There are some excellent examples of good mental health care, and NHS England’s snappy ‘Five Year Forward View for Mental Health – One Year on’ details how hard staff are working to improve the service. But without adequate staffing and funding, the mental health of the workforce itself is at crisis point. Staff simply can’t cope with the ever-rising demands of mental illness. Some patients fully recover but for those with life-long mental illness, a revolving door policy of referral, short term care, discharge, re-referral, short-term care, discharge etc is neither effective nor humane.

Private Eye Medicine Balls 1443 May 3, 2017
Filed under: Private Eye — Dr. Phil @ 12:04 pm

Labour’s Open Goal

Shadow health secretary Jon Ashworth could promise anything about the NHS without much fear of having to implement it, but the government’s screw up of the NHS and social care represents Labour’s best hope of staying alive. Andrew Lansley’s Health and Social Care Act has been a very predictable disaster, with billions wasted on commissioning, tendering, retendering and even suing the NHS because companies such as Virgin didn’t get the tender they wanted.

Aggressive austerity has probably been responsible for the spike of 30,000 extra deaths in 2015, albeit of people unlikely to vote Conservative. Admissions for malnutrition have trebled in the last 10 years. Mental health services are being savagely cut and there has been an increase in suicide rates in those struggling to cope, including female nurses. The sub-inflation pay rises and refusal to guarantee the rights of NHS and care workers from the EU has lead to record vacancies and ever more dangerous gaps in staffing levels. And the results are there for all to see. Nearly 4 million people waiting for an operation. Over 200,000 people waiting for four hours of more in A&E in February alone. The number of people waiting for 12 hours or more on trolleys doubled in a year. Some patients are waiting over 30 hours on a trolley, in scenes reminiscent of the nineties.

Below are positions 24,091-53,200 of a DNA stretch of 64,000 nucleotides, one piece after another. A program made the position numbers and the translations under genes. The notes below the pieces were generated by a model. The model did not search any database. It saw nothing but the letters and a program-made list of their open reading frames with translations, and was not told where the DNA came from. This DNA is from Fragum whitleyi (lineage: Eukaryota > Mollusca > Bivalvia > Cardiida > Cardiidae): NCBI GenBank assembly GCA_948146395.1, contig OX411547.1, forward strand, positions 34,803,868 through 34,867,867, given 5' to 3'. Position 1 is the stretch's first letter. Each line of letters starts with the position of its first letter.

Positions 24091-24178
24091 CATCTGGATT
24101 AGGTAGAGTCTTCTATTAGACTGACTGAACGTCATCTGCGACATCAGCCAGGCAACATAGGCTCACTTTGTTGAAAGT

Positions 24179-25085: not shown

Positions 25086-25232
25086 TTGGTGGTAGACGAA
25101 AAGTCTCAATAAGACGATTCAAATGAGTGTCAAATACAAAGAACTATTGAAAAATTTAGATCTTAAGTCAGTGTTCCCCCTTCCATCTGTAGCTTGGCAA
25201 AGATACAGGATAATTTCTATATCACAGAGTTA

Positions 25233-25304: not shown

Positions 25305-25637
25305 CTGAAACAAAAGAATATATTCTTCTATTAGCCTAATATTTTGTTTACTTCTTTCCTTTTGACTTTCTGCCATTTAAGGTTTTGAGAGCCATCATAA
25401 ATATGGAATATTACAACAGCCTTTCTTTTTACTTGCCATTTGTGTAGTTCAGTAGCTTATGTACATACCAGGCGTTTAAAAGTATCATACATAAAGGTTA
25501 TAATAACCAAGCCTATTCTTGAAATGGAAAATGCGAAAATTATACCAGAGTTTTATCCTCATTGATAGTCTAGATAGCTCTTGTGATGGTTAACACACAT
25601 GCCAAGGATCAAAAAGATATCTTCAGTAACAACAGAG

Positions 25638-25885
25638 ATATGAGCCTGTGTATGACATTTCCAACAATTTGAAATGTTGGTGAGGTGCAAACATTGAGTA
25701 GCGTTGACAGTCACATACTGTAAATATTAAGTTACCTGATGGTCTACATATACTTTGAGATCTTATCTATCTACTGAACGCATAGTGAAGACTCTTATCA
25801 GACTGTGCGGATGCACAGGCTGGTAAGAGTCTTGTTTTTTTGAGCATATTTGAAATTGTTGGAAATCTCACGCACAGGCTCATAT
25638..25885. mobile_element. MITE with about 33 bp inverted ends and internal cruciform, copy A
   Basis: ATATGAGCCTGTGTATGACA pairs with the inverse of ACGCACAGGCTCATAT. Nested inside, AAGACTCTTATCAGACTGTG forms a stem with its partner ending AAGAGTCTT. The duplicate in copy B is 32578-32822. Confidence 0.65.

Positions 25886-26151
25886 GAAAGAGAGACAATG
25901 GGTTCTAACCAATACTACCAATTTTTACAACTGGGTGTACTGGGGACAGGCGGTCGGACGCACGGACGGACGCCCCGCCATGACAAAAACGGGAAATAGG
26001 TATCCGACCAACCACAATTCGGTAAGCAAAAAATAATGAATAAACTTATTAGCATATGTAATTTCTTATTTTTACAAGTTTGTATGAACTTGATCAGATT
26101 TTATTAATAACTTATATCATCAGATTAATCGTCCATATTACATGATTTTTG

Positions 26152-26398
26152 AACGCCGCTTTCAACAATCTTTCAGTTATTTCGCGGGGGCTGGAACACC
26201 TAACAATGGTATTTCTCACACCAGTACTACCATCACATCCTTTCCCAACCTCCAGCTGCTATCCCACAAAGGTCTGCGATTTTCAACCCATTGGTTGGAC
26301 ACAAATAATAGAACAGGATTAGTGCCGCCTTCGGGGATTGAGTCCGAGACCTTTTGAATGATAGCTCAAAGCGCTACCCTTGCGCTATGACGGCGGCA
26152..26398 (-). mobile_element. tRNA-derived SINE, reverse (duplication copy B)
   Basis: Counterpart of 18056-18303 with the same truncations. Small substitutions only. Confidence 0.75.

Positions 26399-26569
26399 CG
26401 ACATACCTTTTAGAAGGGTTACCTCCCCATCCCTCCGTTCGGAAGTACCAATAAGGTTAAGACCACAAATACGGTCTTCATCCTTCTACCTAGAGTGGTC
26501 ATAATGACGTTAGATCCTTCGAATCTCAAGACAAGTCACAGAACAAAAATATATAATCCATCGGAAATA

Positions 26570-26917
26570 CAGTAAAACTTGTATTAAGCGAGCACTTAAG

The government’s response has been to use NHS England CEO Simon Stevens as a human shield, announcing that the previously sacrosanct waiting time targets for non-urgent care were having to be abandoned to concentrate on the crisis in emergency care. The rota gaps in emergency specialties such as paediatrics are particularly alarming, not least because Jeremy Hunt’s clumsy attempts to crush the junior doctors has meant that 50% of them are refusing to go straight into higher specialist training. Not only is ‘death by corridor’ back, but patients are dying on waiting lists and the elderly are trapped in hospital for months – and even years – for the lack of social care. Hospital chief executives are being bullied into signing up to ‘cost control’ measures they know are sheer fantasy, to support the even bigger fantasy that the NHS can make a further £22 billion efficiency savings without causing widespread patient harm. In general practice, work related stress has reached record levels as staff struggle to cope with the ever rising demand. Labour could not have a bigger open goal to aim at.